Egypt Abu Simbel


Egypt Abu Simbel


Abu Simbel Egypt

The archeological complex of Abu Simbel situated in Nubia (Egypt) is made from two temples cut straight in stone during the reign of pharaoh Ramses II.

The complex, remarkable through its massive stone statues of Ramses and of his wife, Nefertari, is a part of the Nubian Monuments UNESCO World Heritage Site.
It was built by Ramses II in 13th century BC, to intimidate his Nubian rivals and to commemorate the famous battle of Kadesh.

The Great Temple is considered the most beautiful temple made by the pharaoh Ramses II.


The front of the temple has 33 meters in height and 38 meters in width, being guarded by 4 statues of Ramses II. Up, on the front, a raw of Baboons smiling to the sunrise. On the entrance there is lettered the name of the king Ser-Ma`at-Ra, and between the gigantic legs of the statues are several smaller sculptures of the Ramses II` s family: his mother, Mut-tuy, his wife Nefertari, as well as his sons and daughters. On the walls of the temple is described the battle of Kadesh had by Ramses with the Hittites.

Egypt Abu Simbel

It is an unique temple and due to the way in which the Sun lights 4 statues from the temple` s interior, statues of Ra-Harakhte, Ptah, Amun-Ra and Ramses II, deified, only in two days of the year, 21 February, the day of the king, and 22 October, the day of his crowning.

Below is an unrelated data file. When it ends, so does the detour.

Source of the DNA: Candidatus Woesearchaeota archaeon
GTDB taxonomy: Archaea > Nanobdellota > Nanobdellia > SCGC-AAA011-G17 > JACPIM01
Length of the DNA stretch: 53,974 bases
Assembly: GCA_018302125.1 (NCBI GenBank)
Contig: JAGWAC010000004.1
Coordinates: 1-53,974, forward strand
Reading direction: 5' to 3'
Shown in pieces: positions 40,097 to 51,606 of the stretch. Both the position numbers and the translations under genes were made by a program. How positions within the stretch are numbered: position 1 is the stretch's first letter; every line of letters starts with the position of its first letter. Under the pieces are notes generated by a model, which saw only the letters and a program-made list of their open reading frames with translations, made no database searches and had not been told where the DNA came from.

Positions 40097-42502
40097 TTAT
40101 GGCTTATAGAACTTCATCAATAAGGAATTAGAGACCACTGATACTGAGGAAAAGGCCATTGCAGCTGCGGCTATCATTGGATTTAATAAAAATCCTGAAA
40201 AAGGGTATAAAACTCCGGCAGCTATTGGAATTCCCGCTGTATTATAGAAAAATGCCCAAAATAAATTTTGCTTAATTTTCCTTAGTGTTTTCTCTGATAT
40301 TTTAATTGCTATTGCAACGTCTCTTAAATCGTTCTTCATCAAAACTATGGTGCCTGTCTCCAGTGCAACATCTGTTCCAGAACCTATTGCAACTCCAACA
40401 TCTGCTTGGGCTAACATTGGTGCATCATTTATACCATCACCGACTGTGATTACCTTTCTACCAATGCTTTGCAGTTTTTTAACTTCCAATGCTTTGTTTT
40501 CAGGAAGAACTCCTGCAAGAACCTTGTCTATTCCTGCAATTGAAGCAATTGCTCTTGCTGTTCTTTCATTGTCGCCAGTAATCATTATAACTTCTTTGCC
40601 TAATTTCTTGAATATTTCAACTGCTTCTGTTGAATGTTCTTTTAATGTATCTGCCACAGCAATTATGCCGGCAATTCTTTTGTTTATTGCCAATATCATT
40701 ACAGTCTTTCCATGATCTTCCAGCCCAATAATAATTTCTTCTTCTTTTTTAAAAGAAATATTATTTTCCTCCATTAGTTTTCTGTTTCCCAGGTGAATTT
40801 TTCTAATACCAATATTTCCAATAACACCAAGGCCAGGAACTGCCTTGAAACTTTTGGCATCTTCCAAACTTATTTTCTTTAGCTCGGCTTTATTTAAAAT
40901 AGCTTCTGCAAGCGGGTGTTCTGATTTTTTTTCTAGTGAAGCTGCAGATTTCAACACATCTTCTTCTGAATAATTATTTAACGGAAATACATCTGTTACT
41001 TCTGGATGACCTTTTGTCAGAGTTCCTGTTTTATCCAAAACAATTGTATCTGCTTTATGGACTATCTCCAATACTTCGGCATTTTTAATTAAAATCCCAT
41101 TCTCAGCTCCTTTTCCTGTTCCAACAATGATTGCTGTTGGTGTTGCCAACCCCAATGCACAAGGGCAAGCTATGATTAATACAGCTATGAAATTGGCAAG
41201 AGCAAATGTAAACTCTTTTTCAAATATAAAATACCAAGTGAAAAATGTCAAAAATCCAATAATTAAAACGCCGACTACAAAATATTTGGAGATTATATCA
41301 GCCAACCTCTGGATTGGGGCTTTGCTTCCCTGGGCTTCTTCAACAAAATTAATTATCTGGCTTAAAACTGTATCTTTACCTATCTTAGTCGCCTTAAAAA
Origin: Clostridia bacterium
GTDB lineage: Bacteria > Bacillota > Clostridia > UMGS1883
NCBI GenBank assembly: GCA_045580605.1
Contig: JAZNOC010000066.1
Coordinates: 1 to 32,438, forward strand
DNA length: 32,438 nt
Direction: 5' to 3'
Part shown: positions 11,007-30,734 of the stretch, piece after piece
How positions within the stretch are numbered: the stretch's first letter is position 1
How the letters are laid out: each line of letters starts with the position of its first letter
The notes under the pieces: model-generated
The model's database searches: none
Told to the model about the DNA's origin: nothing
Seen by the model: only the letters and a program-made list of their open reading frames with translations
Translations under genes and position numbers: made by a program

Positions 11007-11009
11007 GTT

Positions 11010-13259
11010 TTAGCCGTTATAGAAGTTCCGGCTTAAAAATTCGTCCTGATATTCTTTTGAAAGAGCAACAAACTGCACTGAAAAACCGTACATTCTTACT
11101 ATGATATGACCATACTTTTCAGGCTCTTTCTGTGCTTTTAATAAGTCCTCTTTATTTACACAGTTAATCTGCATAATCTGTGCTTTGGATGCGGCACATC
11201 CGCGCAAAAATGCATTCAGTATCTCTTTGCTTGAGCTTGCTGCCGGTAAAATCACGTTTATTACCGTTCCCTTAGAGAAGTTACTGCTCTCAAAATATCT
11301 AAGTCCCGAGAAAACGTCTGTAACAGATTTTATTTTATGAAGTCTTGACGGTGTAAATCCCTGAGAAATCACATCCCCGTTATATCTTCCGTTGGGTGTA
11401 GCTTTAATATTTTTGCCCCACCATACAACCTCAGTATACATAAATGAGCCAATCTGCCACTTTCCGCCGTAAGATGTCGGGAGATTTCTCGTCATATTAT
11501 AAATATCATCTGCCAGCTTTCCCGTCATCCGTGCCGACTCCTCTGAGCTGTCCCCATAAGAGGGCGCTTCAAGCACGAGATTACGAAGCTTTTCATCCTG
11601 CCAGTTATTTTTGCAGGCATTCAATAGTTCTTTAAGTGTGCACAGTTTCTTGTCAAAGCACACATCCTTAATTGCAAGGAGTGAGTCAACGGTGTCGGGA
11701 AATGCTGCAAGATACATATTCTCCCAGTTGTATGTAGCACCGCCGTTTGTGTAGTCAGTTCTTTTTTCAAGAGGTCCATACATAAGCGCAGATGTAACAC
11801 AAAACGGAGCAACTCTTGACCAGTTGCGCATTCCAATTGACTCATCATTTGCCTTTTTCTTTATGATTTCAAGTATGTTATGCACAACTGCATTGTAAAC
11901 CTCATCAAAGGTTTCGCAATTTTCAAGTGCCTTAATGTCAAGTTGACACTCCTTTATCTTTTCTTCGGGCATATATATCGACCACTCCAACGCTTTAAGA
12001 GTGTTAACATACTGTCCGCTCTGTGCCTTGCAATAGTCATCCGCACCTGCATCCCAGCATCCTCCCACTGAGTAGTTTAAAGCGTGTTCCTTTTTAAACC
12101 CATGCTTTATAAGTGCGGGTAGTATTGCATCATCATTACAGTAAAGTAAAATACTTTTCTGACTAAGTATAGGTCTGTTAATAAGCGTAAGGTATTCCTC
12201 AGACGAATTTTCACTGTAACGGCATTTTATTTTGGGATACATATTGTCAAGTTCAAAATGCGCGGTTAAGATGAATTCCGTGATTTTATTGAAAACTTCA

The Small Temple is situated in the North of the bigger temple being dedicated to Hathor, the goddess of beauty and love, by Ramses II, and through her to his beautiful wife Nefertari.


The front is guarded by 6 statues, 4 of Ramses II and 2 of Nefertari. An interesting fact is that the 6 statues are equal as height, which is an unusual thing for Egypt and a sign of the respect for Nefertari.


The pronaos or the hypostyle hall has 6 pillars for support; the pillars have as decorations the scenes of queen playing at an instrument called the sinistrum. She is accompanied by the gods Thoth, Khnum, Horus and Khonsu and by the goddess Isis, Taweret, Maat, Hathor, Satis and Mut of Asher.


The bas-reliefs from the pillard hall shows the king` s deification, his enemies` destruction in South and North as well as the offerings of the queen to the goddess Mut and Hathor. The access to the vestibule is made by 3 big doors. On the chamber` s North and South walls are 2 poetic and graceful bas-reliefs of the pharaoh and of his wife.



The integrity of the temples was threatened by the raising of the Nile water` s levels as a result of the building of the Assuan barrage in the `60. Through a model of international cooperation of UNESCO, the archeological sites were searched, dismembered and assembled in the same way, but with 65 and 200 meters higher and in the back of the original location, a location covered by the waters of the lake Nasser.



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